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Radio Signals

The search for intelligent life outside our solar system concentrates on transmissions from a technological civilization. The primary emphasis has been on looking for radio signals, because these are the sort of signal that we ourselves are able to send and detect.

If you are not familiar with electromagnetic waves and different varieties of light, we highly recommend NASA's introduction to the topic. If you already know about different parts of the electromagnetic spectrum, you can continue on below.

As it turns out, the universe is packed full of radio signals from natural sources. Our own sun and other stars produce radio waves. Particles caught in Jupiter's magnetic storms do as well. The center of our galaxy produces radio waves, and some galaxies produce very large amounts of radio waves. Take a look at this picture showing a view of our galaxy in radio wavelengths (top) and in visible light (bottom):

Because each star creates radio waves, and life evolves on planets near stars, we cannot simply look for sources of radio waves. Every star would be a candidate. We must instead look at the content of those waves, and look for signals that indicate an intelligent presence. Some of this we can hear for ourselves, by "listening" to the radio signals. Jupiter produces static "noise storms" that can sound like crashing waves, and a pulsar produces regular beats, but a signal like morse code is easily distinguished as a more complex signal that carries information. You can hear many of these by following the first link at the bottom of this page.

Hearing alone is an inaccurate and inefficient way to detect information-bearing signals. Modern searches for extraterrestrial intelligence use mathematical techniques, such as a Fast Fourier Transform. These techniques pick out signals with repeated patterns that change over time. Signals that are too fast for our ears to distinguish as anything but static can be recognized and analyzed much more easily in this manner.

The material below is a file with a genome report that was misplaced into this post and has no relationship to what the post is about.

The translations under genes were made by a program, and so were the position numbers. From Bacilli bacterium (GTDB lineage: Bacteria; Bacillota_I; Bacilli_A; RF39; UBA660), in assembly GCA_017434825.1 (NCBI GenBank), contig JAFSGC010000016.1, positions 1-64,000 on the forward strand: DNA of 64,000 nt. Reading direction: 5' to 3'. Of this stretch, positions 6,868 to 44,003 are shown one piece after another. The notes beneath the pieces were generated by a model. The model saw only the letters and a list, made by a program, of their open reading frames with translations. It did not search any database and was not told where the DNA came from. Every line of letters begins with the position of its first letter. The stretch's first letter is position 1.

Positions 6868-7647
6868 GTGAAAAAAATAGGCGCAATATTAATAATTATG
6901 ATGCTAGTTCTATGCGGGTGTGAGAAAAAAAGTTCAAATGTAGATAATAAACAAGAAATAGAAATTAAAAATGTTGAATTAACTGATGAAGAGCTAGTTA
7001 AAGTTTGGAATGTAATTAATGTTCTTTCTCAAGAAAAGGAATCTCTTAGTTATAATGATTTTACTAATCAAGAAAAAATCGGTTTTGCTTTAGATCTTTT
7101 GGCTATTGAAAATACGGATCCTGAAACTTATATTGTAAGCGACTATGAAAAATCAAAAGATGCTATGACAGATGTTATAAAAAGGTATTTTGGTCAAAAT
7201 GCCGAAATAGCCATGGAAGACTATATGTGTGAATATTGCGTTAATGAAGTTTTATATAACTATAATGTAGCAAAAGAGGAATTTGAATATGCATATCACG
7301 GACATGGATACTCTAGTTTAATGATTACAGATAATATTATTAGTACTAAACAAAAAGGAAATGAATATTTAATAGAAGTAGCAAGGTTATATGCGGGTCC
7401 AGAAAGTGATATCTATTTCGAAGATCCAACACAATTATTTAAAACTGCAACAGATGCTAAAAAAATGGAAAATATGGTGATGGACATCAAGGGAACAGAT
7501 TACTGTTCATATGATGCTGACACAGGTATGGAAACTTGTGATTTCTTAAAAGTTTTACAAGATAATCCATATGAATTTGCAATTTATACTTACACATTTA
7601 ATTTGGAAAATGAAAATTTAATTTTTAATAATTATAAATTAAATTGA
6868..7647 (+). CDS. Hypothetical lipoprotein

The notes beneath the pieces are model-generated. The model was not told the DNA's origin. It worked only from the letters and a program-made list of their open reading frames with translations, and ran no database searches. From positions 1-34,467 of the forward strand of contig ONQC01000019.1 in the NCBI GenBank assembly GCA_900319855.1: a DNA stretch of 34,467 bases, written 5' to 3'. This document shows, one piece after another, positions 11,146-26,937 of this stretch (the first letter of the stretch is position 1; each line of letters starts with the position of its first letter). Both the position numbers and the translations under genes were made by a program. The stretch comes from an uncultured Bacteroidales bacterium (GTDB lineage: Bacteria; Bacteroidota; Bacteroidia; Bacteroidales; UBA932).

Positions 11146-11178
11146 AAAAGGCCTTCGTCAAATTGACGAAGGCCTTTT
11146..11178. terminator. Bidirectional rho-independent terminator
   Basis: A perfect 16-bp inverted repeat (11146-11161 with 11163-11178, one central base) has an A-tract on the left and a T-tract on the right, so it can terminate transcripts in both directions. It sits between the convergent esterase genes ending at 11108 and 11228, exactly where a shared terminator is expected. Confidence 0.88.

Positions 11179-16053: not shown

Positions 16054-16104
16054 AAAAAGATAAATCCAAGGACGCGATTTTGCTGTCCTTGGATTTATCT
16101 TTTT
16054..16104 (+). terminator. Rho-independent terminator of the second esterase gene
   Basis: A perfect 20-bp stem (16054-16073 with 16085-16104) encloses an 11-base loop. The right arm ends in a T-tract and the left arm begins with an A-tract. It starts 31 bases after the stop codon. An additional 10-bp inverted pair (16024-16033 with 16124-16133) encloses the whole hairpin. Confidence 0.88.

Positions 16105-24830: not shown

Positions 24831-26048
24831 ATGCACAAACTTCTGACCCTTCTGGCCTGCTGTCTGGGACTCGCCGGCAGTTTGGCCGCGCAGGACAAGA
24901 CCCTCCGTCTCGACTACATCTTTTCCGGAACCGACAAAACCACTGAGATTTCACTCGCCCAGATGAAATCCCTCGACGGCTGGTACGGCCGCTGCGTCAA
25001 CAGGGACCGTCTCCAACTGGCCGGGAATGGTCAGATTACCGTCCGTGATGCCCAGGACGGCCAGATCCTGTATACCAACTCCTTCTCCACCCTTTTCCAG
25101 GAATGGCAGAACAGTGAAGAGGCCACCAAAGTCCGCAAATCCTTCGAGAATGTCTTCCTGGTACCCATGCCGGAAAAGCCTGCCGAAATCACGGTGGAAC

Recently SETI has begun to branch out from radio observations to the visible spectrum - specifically, visible-light lasers. Visible light, with its higher frequency, can encode information at a much higher rate than low-frequency radio transmissions. Laser light has two more advantages when it comes to SETI. First, it is easily distinguished from ordinary light. Second, unlike with radio signals, there are no natural sources of laser light. This means that a laser signal from space could only be the result of an intentional transmission from intelligent, technologically-savvy life.

Unfortunately, lasers are also much more directional than radio transmissions. Radio transmissions spread out in all directions; lasers travel in a straight beam. We would only detect a SETI signal in visible light if it were aimed directly toward us, or if we were in the path of a transmission aimed past us. It's worse than looking for a needle in a haystack; it's more like looking for a needle that happens to be pointing directly north. On the plus side, if we find such a signal, it will be unambiguous evidence for technologically advanced aliens.

Солнечная система и ее тайны